Since the spread of the COVID-19 Pandemic, life, as we know it, has paused for several months now. But as time passes and the world adjusts to this new reality, the fact is that we have to live with it and learn to coexist.
Sporting events have quietly started to resume with many prominent Soccer Leagues like the Bundesliga, La Liga, and the Premier League having restarted and ended successfully. Here in the USA, the NWSL is another example.
As for the MLS, there has been a major attempt to resume normal service in US Soccer with the “MLS is Back” tournament over the last few weeks.
With the changing times, there was an innovation in the normal format of the MLS as it changed to a 24 team World Cup like tournament.
There were six groups with the top two sides going straight through and the remaining four in the Round of 16 being made up of teams that finished third with the highest number of points. The rest of the tournament goes on like your traditional World Cup knockout games.
This tournament started off on the 8th of July at the ESPN Wide World of Sports Complex in Orlando Florida in a so-called “bubble” where all the teams could train and stay in one isolated bubble quarantined from the outside world.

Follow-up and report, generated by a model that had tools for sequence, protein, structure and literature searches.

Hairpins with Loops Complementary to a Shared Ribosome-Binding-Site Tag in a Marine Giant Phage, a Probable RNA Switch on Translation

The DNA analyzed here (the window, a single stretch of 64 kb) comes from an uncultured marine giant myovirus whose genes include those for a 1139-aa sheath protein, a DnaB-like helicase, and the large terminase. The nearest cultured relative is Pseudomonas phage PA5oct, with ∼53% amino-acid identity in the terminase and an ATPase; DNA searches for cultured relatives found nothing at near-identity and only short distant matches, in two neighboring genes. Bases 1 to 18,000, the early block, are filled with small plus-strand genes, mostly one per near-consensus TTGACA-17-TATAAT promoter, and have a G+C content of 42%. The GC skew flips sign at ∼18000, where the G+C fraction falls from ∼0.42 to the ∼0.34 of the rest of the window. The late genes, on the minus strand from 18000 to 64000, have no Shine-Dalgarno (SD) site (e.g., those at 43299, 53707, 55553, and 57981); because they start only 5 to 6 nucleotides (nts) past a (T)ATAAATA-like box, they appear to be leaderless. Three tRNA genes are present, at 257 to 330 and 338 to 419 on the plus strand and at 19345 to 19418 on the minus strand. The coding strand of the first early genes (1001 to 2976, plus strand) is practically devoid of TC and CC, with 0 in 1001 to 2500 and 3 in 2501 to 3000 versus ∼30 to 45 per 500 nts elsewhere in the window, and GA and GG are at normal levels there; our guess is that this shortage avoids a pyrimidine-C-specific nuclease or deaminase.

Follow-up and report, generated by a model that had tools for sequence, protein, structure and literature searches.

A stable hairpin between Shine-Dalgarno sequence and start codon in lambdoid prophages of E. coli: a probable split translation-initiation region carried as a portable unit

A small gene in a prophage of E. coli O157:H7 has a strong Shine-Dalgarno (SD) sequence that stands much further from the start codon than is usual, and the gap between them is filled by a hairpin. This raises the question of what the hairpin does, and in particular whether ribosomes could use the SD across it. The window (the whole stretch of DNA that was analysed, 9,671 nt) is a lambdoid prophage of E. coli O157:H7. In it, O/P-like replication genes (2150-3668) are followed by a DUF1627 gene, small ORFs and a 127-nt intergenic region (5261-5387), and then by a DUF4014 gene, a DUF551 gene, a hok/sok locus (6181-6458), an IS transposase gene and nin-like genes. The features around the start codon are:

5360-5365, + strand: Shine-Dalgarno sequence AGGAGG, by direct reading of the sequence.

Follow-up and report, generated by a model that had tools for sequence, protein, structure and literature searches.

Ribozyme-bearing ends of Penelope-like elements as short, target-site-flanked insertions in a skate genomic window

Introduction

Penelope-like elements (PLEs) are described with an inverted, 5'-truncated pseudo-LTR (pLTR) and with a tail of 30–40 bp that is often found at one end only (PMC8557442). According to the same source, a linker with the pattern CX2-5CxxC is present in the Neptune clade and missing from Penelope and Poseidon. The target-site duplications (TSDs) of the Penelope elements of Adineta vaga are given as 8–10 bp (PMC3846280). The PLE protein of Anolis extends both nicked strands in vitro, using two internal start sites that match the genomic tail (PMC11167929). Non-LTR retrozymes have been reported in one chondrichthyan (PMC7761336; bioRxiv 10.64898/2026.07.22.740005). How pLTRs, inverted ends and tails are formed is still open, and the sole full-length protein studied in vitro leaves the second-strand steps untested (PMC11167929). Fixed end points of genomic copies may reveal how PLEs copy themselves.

Unfortunately, there were major problems with several players testing positive for COVID-19. Consequently, two of the teams ( Nashville SC and FC Dallas) had to be removed from the tournament. Besides this unfortunate event, there was no other case in the three weeks inside the bubble for the players involved.
As the “MLS is back” tournament culminates on the 11th of August, the winner will gain automatic access to the CONCACAF Champions League, and the trophy and prize money to go with it.
When will the Normal MLS season restart?
As this unprecedented format concludes, the MLS gets back on track on the 21st of August and continues throughout the fall with the playoffs in November and the MLS Cup in December.
The season will be preceded with a game between Nashville SC and FC Dallas between Aug 12-15, two teams who had to opt-out due to multiple cases of COVID in their rosters as they try to get back to match fitness before the start of next season.
According to the Washington Post, there is hope that there will be spectators involved, especially in areas where the impact of COVID has subsided.